The play was to be on Friday night, because then there would be no school next day; and Friday morning Patty was as busy as a bee sorting tickets, counting out programmes, making lists, and checking off memoranda, when Pansy appeared at her door with the unwelcome announcement that Miss Daggett had sent word she would like to have Patty call on her. Unwelcome, only because Patty was so busy, otherwise she would have been glad of a summons to the house next-door, for she had taken a decided fancy to her erratic neighbour.
Determining she would return quickly, and smiling to herself as she thought that probably she would be asked to do so, she ran over to Miss Daggett’s.
“Come in, child, come in,” called the old lady from the upper hall, “come right up here. I’m in a terrible quandary!”
Patty went upstairs, and then followed Miss Daggett into her bedroom.
“I’ve decided,” said the old lady, with the air of one announcing a decision the importance of which would shake at least two continents, “I’ve decided to go to that ridiculous show of yours.”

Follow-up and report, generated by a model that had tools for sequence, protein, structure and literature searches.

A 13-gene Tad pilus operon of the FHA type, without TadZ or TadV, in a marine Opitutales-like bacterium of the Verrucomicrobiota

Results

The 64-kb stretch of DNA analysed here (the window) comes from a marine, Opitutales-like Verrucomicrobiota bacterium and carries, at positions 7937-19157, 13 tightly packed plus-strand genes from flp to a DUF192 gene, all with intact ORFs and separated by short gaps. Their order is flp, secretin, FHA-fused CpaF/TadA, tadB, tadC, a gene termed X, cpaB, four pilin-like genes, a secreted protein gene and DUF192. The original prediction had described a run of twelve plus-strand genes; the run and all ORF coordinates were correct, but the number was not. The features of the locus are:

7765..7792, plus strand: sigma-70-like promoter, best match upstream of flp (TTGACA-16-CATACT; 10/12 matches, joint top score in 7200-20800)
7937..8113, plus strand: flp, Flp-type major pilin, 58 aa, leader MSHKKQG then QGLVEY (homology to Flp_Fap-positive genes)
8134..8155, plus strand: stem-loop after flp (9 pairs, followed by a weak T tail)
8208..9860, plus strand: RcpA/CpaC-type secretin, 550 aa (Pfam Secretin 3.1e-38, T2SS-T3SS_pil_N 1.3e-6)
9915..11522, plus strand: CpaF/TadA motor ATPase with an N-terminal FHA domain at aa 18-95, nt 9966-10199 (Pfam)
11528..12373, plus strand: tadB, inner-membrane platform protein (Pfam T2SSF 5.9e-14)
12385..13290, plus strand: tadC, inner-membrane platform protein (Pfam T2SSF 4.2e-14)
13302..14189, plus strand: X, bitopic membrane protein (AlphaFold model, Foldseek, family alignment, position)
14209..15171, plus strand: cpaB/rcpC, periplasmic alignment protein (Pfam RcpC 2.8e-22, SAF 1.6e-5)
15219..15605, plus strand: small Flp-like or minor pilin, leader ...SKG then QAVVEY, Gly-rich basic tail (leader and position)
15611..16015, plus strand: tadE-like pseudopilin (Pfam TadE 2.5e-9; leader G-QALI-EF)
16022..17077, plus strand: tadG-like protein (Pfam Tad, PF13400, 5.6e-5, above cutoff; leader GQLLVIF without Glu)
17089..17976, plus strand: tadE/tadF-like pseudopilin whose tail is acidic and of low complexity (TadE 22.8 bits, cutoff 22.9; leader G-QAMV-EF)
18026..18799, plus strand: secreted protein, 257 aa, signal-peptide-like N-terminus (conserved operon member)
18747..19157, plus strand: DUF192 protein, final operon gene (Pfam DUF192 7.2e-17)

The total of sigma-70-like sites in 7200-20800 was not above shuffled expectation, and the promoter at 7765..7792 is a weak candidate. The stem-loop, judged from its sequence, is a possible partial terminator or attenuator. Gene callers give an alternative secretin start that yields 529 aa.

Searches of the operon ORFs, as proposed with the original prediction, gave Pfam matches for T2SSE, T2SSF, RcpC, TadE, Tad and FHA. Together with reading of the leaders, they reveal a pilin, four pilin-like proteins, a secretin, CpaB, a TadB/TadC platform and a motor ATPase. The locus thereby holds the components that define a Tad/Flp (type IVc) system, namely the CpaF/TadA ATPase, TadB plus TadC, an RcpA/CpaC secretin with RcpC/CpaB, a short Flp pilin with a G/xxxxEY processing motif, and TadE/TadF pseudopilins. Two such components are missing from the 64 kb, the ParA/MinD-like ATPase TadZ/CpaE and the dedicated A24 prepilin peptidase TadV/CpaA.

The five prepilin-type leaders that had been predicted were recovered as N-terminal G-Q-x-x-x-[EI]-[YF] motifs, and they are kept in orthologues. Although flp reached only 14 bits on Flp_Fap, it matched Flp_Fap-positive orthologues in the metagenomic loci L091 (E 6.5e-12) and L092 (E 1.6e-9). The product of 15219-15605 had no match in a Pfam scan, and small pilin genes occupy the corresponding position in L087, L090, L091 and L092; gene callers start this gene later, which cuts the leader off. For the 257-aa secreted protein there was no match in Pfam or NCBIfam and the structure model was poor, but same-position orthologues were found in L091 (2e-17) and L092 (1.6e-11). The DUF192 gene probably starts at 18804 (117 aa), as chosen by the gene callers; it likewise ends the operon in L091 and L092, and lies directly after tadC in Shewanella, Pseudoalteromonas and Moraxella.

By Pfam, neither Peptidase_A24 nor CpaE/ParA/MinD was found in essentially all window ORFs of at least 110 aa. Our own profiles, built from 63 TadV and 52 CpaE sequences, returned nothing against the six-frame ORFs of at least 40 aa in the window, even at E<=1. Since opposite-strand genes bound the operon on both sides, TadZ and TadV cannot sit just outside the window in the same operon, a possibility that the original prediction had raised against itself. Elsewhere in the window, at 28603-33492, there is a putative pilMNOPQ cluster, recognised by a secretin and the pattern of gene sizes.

“Oh, have you?” said Patty, “that’s very nice, I’m sure.”
“I’m glad you’re pleased,” said the old lady grimly, “though I’m not going for the sake of pleasing you.”
“Are you going to please your nephew, Mr. Harper?” said Patty, not being exactly curious, but feeling that she was expected to inquire.
“No, I’m not,” said Miss Daggett curtly. “I’m going to please myself; and I called you over here to advise me what to wear. Here are all my best dresses, but there’s none of them made in the fashions people wear nowadays, and it’s too late to have them fixed over. I wish you’d tell me which one you think comes nearest to being right.”
Patty looked in amazement at the great heap of beautiful gowns that lay upon the bed. They were made of the richest velvets and satins and laces, but were all of such an antiquated mode that it seemed impossible to advise anyone to wear them without remodeling. But, as Miss Daggett was very much in earnest, Patty concluded that she must necessarily make some choice.
Accordingly, she picked out a lavender moire silk, trimmed with soft white lace at the throat and wrist. Although old-fashioned, it was plain and very simply made, and would, Patty thought, be less conspicuous than the more elaborate gowns.
“That’s just the one I had decided on myself,” said Miss Daggett, “and I should have worn that anyway, whatever you had said.”
“Then why did you call me over?” said Patty, moved to impatience by this inconsistency.
“Oh, because I wanted your opinion, and I wanted to ask you about some other things. Kenneth is coming to-night, you know.”
“Yes, I know it,” said Patty, “and I am very glad.”
This frank statement and the clear, unembarrassed light in Patty’s eyes seemed to please Miss Daggett, and she kissed the pretty face upturned to hers, but she only said: “Run along now, child, go home, I don’t want company now.”